CHRISTIAN DOIDGE insists being robbed of a shot at glory with Wales has only made him more determined to earn a crack at the European Championships.
The Hibernian front-man was on the cusp of his maiden international call-up prior to the coronavirus outbreak forcing a halt to Scottish football.
The 27-year-old’s 16 goals in his previous 23 outings had caught the eye of Dragons boss Ryan Giggs, with the Manchester United icon revealing Doidge was on his radar and ‘someone who we’re looking at closely’.
It is likely Doidge would have been named in the squad for March friendlies against Austria and the USA and told to to stake a claim for a place at Euro 2020.
That tournament has now been shelved until next summer and Doidge will need to prove himself all over again when football resumes.
However, Doidge has completed a remarkable journey from being a cop with South Wales Police and playing amateur football on the side, to the cusp of international recognition – so he is not about to throw in the towel now.
He said: “Ryan Giggs is massive figure for anyone who grew up in Wales and the things he did for Manchester United were outrageous.
“I looked up to him when I was a kid – so when you get someone like that talking about you, and saying positive things, it was a really proud moment for me and my family.
“I’d love to take that next step and work under him one day.
“I was getting a bit of momentum this season, a lot of media coverage and there was a fair bit of talk about a Wales call-up. My mentality is: I’ve got to do it again.
“If I was close to a call-up, then I need to hit the same levels and get even closer when the football starts again.
“I never imagined I would even be in the conversation for a Wales call-up, especially when the Euros were approaching, so it has just given me more motivation to score goals and regain that form.”
Like the majority of his teammates, Doidge has been furloughed amid the ongoing uncertainty regarding when a ball will next be kicked in the SPFL.
But even if the Premiership campaign is called, Doidge is desperate for the Hampden power-brokers to find a way to ensure the 2019/20 Scottish Cup is played to its conclusion.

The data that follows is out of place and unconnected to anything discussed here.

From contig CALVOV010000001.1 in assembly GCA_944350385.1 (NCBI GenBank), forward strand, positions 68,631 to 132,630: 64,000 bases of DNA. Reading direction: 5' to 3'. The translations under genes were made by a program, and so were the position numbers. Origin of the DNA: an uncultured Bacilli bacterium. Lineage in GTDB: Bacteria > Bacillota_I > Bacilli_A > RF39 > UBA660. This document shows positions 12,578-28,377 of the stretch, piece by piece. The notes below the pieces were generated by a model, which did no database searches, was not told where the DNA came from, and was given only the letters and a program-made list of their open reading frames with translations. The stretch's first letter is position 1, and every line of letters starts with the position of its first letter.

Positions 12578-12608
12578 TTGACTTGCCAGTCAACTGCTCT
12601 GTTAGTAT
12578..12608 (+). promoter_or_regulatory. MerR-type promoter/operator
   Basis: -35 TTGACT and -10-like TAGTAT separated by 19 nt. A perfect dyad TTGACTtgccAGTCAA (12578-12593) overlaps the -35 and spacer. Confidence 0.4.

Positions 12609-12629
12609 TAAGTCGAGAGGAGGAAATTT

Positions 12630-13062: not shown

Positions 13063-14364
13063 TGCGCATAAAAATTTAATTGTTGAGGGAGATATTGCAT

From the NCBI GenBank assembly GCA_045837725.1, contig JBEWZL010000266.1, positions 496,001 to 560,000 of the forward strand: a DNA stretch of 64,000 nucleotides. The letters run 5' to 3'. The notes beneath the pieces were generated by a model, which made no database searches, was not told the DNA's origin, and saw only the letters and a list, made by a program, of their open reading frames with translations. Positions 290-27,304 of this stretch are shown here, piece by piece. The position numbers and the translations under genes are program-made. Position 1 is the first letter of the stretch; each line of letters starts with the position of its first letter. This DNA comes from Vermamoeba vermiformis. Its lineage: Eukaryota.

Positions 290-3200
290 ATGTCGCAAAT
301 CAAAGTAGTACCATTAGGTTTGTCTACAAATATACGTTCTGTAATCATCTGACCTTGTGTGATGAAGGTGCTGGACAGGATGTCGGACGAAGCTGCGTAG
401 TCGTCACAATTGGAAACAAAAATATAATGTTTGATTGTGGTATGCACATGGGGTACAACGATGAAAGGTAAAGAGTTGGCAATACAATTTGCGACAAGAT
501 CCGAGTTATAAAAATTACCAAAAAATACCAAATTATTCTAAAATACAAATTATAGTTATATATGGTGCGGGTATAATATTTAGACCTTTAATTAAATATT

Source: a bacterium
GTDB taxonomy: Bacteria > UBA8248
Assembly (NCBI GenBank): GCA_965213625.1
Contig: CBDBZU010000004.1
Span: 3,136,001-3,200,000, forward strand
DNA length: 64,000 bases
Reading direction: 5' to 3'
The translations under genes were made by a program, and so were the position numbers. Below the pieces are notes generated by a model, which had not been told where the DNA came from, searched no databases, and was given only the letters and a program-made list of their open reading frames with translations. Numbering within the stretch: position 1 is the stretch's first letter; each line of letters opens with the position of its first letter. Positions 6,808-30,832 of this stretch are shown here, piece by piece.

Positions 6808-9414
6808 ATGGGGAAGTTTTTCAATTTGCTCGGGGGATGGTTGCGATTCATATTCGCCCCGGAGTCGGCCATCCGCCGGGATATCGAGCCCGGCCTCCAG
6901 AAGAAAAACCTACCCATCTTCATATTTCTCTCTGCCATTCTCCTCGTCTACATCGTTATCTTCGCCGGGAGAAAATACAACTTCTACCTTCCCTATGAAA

Hibs were due to face Hearts in a mouth-watering semi-final on April 11 and Doidge has openly admitted that he was overcome by a galling feeling of what might have been when that date came around.
He continued: “I remember the day we were supposed to be playing Hearts. I woke up and it was like ‘this doesn’t seem right’.
“We know how much the fans get up for those matches and, honestly, we are just the same as players. As soon as that draw was made, we had the date circled on the calendar! So it was a bit sad when the day came around.
“I was so excited and it would have been an incredible occasion – the chance to play at a sold out Hampden against your local rivals. The atmosphere would have been electric.
“Hopefully, we can still get that game played. It would be disappointing if the league can’t be finished but if we still have the opportunity to play the cup then I’m sure the fans and everyone at the football club would be slightly happier.”
Doidge has already been a hero at England’s national stadium, scoring a wonder-goal in Forest Green Rovers’ League Two playoff final win against Tranmere in 2017.
But his only experience of Hampden was a bruising 5-2 battering by Celtic in the last four of the Betfred Cup in November – and Doidge is itching for the opportunity to make amends at the home of Scottish football.
He added: “I’m keen to get back to Hampden and rectify the Betfred Cup defeat.
“I’ve had a big moment at Wembley in my career and that feeling still gives me butterflies now.
“So to possibly get that opportunity again, this time at Hampden, is something that really motivates me and drives me on.”
As he ponders a return to action, Doidge’s desire to get back to work shines through.
Although on furlough, he continues to work to his own fitness regime on a daily basis and is adamant he will be raring to go as soon as the call comes.
However, with his mum Caroline working for the police force back home in Newport, Doidge is acutely aware of the danger posed by complacency in the face of Covid-19 and knows safety is paramount.
Doidge added: “My mum is a police community support officer in Newport, so she is really on the front line.
“I speak to her almost every day and she is still dealing with people who are still hanging around in groups and not following guidelines – it’s hard not to feel annoyed.
“It frustrating when people can’t just follow rules. I keep in touch with a lot of my ex-colleagues [in the South Wales Police force] as well and they are still working, still grafting, and I’ve got a lot of respect for what they are doing right now.”